To quote an essay written after the 2015 attacks that left over 100 dead in Paris, “If it’s barbarism to write poetry after Auschwitz, then it’s also barbarism to write think pieces after Paris.” Surely the same can be said after Portland. But if so many acts of violence these days are political, Namkai-Meche and Best’s deaths feel over-determined, inflection points in a time of upheaval where our days are over-saturated, each news cycle overflowing, delivered breathlessly, as if we now exist in a present that is somehow both too fast, impossible to keep up with, even as each day stretches onward like a horizon, full of too many hours, as if time itself is at fault, offering up irresistible opportunities for horror to the world, whose villains can’t help but drop tragedies into our day.

Donald Trump is the president. His election has intensified a lot of problems but after Portland, none feels more suffocating than the recognition of how much Trump’s administration empowers the far right, vigilantes like Christian, a denizen of those idiotic free-speech rallies who would of course never murder someone, until he did.

And he’s not alone. One week ago, on May 20, Sean Urbanski, a white man, murdered Richard Collins III, a black man who would have graduated from Bowie State University this week, was murdered by Sean Urbanski. He stabbed Collins in the chest and fled the scene. We later found out Urbanski, like Christian, followed the far right.

Then there’s Adam Puriton, 51, a white man accused of killing Srinivas Kuchibhotla, 32, and wounding Alok Madasani, also 32, in a bar in Olathe, Kansas on February 24 of this year. At least one bystander claims Puriton shouted “get out of my country” before shooting the victims, who were Indian. Puriton is also accused of wounding Ian Grillot, 24, who was shot while trying to intervene.

These are all racist attacks. Dave Zirin was right to call Collins’s death a lynching. These are all hate crimes. The men who are killing our friends and neighbors are empowered by the election of someone who imbibes fringe far-right beliefs about people of color, then spits them out as policy.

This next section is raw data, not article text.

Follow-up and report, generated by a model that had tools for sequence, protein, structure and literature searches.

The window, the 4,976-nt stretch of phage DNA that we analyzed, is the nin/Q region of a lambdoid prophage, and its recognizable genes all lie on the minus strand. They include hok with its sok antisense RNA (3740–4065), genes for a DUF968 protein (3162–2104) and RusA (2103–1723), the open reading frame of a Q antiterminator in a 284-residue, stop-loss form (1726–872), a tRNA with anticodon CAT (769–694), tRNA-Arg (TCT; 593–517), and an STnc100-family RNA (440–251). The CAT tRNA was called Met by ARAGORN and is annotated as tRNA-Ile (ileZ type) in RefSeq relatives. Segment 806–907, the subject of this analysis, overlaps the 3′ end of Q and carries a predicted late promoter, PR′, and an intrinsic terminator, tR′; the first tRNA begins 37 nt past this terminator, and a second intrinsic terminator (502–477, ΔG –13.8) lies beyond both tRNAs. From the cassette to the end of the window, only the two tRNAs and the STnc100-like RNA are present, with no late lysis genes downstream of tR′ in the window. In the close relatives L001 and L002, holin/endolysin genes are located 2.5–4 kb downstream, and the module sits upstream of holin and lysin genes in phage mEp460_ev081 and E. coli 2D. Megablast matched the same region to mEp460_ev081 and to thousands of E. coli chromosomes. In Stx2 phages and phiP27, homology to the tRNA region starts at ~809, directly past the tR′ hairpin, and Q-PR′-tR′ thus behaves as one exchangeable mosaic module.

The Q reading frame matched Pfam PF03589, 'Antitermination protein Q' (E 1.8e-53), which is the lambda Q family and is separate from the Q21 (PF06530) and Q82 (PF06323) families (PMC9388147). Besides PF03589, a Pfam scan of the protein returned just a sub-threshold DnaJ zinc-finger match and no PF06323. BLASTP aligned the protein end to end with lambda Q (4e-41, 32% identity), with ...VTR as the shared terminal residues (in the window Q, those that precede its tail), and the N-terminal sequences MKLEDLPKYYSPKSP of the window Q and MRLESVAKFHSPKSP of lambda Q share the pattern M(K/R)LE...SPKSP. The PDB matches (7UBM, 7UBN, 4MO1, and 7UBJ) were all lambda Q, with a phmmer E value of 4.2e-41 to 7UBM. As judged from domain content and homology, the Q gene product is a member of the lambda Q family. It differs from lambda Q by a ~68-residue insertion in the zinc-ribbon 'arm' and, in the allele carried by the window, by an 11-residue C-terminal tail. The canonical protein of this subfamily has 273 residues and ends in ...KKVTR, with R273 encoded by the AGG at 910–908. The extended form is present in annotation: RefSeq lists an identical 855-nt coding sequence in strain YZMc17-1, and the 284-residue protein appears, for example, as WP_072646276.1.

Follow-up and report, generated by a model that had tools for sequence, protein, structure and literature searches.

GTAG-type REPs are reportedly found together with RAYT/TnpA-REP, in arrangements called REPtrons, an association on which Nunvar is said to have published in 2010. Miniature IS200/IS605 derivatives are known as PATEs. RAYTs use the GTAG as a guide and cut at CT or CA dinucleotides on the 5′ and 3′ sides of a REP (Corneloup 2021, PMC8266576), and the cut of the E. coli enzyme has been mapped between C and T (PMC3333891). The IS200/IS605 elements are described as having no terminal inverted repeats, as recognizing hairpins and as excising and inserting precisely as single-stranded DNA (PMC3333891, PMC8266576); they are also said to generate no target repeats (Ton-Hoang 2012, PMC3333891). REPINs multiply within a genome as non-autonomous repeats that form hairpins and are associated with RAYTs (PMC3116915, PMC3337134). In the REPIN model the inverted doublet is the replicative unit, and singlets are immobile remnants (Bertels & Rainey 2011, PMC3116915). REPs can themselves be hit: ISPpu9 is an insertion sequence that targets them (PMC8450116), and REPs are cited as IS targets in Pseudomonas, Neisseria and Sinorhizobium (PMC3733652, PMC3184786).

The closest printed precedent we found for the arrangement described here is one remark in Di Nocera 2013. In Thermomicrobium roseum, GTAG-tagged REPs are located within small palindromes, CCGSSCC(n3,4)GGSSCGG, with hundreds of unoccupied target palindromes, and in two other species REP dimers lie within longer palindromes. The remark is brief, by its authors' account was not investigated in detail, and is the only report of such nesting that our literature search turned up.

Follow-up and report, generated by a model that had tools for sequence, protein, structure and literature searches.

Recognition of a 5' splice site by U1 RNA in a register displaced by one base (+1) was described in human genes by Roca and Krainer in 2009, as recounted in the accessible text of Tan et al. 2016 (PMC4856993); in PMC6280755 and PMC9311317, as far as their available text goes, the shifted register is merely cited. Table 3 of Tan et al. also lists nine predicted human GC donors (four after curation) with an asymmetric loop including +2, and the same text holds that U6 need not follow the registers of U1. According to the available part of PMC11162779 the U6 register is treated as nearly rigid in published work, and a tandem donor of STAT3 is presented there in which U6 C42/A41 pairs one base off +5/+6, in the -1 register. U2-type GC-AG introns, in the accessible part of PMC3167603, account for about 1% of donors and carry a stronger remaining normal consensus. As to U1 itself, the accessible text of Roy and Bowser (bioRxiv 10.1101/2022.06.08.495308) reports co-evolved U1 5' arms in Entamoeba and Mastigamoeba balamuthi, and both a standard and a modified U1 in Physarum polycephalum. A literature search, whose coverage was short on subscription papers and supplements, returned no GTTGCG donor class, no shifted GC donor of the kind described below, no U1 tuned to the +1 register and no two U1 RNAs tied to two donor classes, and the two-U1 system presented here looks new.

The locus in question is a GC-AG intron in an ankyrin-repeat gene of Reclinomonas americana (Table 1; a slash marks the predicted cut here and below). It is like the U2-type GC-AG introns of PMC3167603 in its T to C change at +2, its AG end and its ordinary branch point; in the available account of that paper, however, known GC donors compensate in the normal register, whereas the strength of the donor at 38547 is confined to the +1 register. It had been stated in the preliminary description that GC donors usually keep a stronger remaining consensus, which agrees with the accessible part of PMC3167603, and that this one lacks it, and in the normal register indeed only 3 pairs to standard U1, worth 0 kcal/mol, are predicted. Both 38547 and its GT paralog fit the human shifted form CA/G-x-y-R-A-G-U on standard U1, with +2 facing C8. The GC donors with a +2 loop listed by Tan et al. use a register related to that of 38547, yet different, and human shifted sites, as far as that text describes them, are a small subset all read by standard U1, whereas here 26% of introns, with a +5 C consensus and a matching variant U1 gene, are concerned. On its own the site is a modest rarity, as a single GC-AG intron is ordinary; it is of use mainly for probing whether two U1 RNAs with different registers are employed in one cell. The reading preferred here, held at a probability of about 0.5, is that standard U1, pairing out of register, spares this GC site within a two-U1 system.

These policies are being challenged in the courts and on the streets across this country, but they’re having an effect. Despite courts overturning Trump’s “Muslim ban,” visas issued to the six countries targeted by his March 6 travel ban – Iran, Libya, Somalia, Sudan, and Yemen – declined by 55 percent compared with a year prior.

As was widely reported yesterday, airstrikes from the US-led coalition killed at least 106 civilians, including 42 children, in Al Mayadeen, a city in eastern Syria. This news broke the same day Christian murdered the two men who dared stop him from shouting anti-immigrant slurs on a Portland train. When Islamophobia is state policy and racism is preached from the Oval Office, it’s no surprise the far-right’s shock troops kill people in cold blood. When the leader of the United States has your back, what is there to lose?

Which is not to let the administrations before Trump off the hook: George W. Bush instituted the PATRIOT Act, putting massive resources into the surveillance and harassment of Muslim communities, not to mention the atrocities perpetrated abroad. Obama perfected drone warfare, normalizing the practice of killing civilians without it tarring his “progressive” or “anti-racist” legacy. But Trump crystallizes these precedents, taking them to their logical conclusion and refusing to couch them in the denialism and technocratic language preferred by our political elites. He admits to what he’s doing and doesn’t apologize for it, emboldening his grassroots following to act on the ideas driving his administration.

For those of us who oppose racism whether it’s coming from the state or vigilantes, the question arises: what can we do? The answer seems more straightforward, if also more challenging, when it comes to the racism of the state: we oppose Trump’s policies, push for reforms that protect our communities, and challenge the American war machine no matter how it tries to explain away its actions.